Every year, I ask teenagers to help me define leadership or leadership skills. I ask them about the characteristics of a good leader using leaders they see in their lives everyday, or based on who they see in popular culture. Teenagers are excellent at answering this question. I can always fill a whiteboard or a flip-chart with insightful answers.
Examples of Teen Leadership Skills
It’s amazing how easy it can be to develop a list of excellent leadership qualities, and how difficult it can be to define leadership. That’s why I like to start with the traits. Here are some of the ones that come up frequently in our brainstorms:
Confidence: Leaders have a strong sense of who they are and a healthy sense of self-worth. They believe in themselves!
A Good Listener: A good leader listens to the thoughts, concerns and ideas of those around them. They acknowledge others’ contributions, and incorporate others’ strengths and ideas into the group’s goals and strategies.
Shares a Vision: A leader is able to articulate a goal or a vision with clarity, passion and strength. A leader can inspire a group by guiding them towards a new idea, a new way of operating, or the possibility of achieving a shared goal.
Tenacity, Grit and Determination: A leader is able to overcome obstacles and challenges by believing in themselves, working effectively with others, and maintaining a positive attitude as they move forward in their journey.
Organization: A leader moves forward towards the realization of a vision. In order to do this, they must follow a path. This path might be marked by clear goals, or a deep sense of intuition, but in order to lead others, a leader must strike a course to follow.
Honesty and Integrity: In order to establish and maintain trust, a true leader is honest, and stands by their own values and edicts.
For over two decades I have worked in the field of leadership development with teenagers and young adults, and over that whole time, I’ve noticed that the term “leadership” has strong connotations for most people. Youth worry that if they come to our summer program, they’ll need to make speeches like teen toastmasters, or be put in the spotlight. However, our programs are not meant to produce student class presidents, they’re meant to inspire personal integrity, personal growth, the development of self-worth and the ability to connect authentically with others.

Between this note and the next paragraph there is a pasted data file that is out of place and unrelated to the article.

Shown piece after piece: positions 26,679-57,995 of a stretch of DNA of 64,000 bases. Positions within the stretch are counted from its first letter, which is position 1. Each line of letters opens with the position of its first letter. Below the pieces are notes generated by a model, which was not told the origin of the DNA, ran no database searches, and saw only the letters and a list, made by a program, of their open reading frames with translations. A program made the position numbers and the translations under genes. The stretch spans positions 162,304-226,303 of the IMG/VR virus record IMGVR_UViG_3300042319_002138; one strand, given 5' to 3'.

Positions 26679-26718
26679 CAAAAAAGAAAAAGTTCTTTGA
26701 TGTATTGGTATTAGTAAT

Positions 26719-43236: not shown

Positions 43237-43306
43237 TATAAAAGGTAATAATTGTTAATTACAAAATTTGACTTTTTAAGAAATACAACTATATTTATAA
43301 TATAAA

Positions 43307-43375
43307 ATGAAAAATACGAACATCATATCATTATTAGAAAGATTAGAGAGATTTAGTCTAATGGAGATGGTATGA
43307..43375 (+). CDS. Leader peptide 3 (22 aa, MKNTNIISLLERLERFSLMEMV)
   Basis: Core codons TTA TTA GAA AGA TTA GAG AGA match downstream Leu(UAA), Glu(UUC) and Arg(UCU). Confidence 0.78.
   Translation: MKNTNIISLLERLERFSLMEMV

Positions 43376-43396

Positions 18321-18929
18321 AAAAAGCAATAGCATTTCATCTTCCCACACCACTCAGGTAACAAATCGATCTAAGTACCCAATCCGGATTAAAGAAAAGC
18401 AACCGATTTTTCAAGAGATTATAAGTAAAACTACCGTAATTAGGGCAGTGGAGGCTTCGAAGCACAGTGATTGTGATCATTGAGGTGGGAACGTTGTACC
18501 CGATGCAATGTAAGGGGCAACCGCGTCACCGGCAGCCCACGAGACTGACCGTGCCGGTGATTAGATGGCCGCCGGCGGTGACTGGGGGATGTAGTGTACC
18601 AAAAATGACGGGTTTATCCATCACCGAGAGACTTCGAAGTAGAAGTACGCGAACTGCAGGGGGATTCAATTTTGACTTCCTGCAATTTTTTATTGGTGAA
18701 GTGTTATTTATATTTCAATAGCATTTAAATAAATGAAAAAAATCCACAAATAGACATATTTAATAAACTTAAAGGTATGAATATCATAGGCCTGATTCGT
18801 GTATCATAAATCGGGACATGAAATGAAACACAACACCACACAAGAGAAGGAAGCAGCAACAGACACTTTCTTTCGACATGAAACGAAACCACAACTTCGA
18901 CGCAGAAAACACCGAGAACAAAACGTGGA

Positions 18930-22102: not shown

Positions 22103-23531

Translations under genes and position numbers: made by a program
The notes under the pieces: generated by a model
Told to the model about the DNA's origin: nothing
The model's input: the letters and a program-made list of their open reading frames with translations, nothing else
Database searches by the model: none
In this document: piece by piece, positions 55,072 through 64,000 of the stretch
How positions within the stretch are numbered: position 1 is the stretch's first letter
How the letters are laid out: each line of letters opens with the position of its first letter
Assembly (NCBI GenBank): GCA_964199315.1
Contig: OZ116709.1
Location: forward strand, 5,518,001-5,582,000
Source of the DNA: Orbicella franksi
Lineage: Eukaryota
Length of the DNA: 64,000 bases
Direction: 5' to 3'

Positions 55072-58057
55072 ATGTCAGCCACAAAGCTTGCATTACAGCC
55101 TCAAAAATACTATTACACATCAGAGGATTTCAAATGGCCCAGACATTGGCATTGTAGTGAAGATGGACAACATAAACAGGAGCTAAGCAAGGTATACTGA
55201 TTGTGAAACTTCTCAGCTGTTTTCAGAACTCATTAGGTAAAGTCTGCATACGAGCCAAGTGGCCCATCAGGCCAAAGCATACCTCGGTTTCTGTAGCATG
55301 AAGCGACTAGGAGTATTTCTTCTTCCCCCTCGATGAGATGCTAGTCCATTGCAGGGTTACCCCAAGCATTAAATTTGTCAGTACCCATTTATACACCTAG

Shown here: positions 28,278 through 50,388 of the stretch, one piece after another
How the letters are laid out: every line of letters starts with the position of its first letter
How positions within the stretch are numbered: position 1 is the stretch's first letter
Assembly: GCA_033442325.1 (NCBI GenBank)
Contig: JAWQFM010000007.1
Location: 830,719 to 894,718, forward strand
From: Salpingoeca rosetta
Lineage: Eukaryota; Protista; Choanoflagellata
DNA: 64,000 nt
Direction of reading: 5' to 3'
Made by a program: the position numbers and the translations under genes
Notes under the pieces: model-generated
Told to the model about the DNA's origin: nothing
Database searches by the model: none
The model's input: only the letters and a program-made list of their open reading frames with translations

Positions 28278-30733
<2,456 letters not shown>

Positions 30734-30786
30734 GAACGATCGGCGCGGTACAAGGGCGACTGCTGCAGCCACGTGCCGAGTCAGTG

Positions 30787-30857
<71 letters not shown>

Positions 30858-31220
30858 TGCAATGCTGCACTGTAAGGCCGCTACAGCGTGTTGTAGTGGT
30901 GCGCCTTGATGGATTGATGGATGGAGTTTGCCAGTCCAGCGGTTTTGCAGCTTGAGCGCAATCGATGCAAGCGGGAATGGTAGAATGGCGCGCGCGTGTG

We talk about a theory of change that relies on metaphors like the ripple effect, the butterfly effect, the snowball effect or the domino effect. It’s all about being yourself, being conscientious, doing what you think is right, and inspiring others to do the same.
When I was 14 years old, I attended The YES Camp for the first time, and after a week, I went home with a new understanding of my power as a leader. By just implementing an idea, I could make change in my friendships, my school, my family and my community. I had never understood before that my perspective mattered.
Whether you call it leadership, or character development, self-development or personal growth, the work that we do is meant to equip youth with the experiences, traits and skills that they need to live engaged, aware, connected and fulfilling lives. So how the heck do you do that?
1. Establish a Container
Whether it’s at our camp, in a classroom, at the grocery store or in your home, every place that we go has a unique set of rules and norms that we adopt in order to get along with each other, operate safely, and meet each other’s expectations. By being explicit about building the agreements that govern these spaces, we have the opportunity to build them to serve our needs, desires and goals. While in many places these rules and norms operate invisibly, they are malleable, and with some intention and thought, we can craft them as we wish.
At The YES we call our container The Free Zone, and every week the group of youth who attend our camp craft it to meet their needs and desires. We ask them, what do you want as part of your week at camp, and what do you want to leave behind? We write down everything that they say, and together we commit to a week of fun, outdoor activities, compliments, hugs, dance parties, games, respect, care, support and enthusiasm, and we commit to leave behind bullying, name calling, judgement, disrespect, negativity and gossip.
Whether you’re developing teen leadership skills in a short classroom workshop, in your household, or over the course of a school year, it is crucial to empower your teen(s) to voice what is important to them, to work towards building that reality, and to talking about what’s working well, and what’s getting in the way. By doing this, teens, and anyone participating will start to understand the power we have to build our social reality and work to make it more engaging, fulfilling and fun.
Examples of things you can do to help build a container:
Build rituals and traditions that serve the culture you want to create - for example, bring gratitude into your daily rituals by naming three things you’re grateful for before dinner or bed every night.
Make sure everyone contributes and has a role to play
Make compliments and appreciations a part of your culture
Talk about your culture regularly. Maybe it’s a family meeting, or a classroom discussion every Thursday, or a check-in every month. See how things are going, and ask how you can do them better. At The YES we do this every day with the Free Zone.
2. Build Self-Worth
Each and every person needs to believe that they are lovable and capable in order to maintain a healthy sense of self-esteem and self-worth. Feeling lovable and capable, relies on the inputs of both care and respect from caregivers fr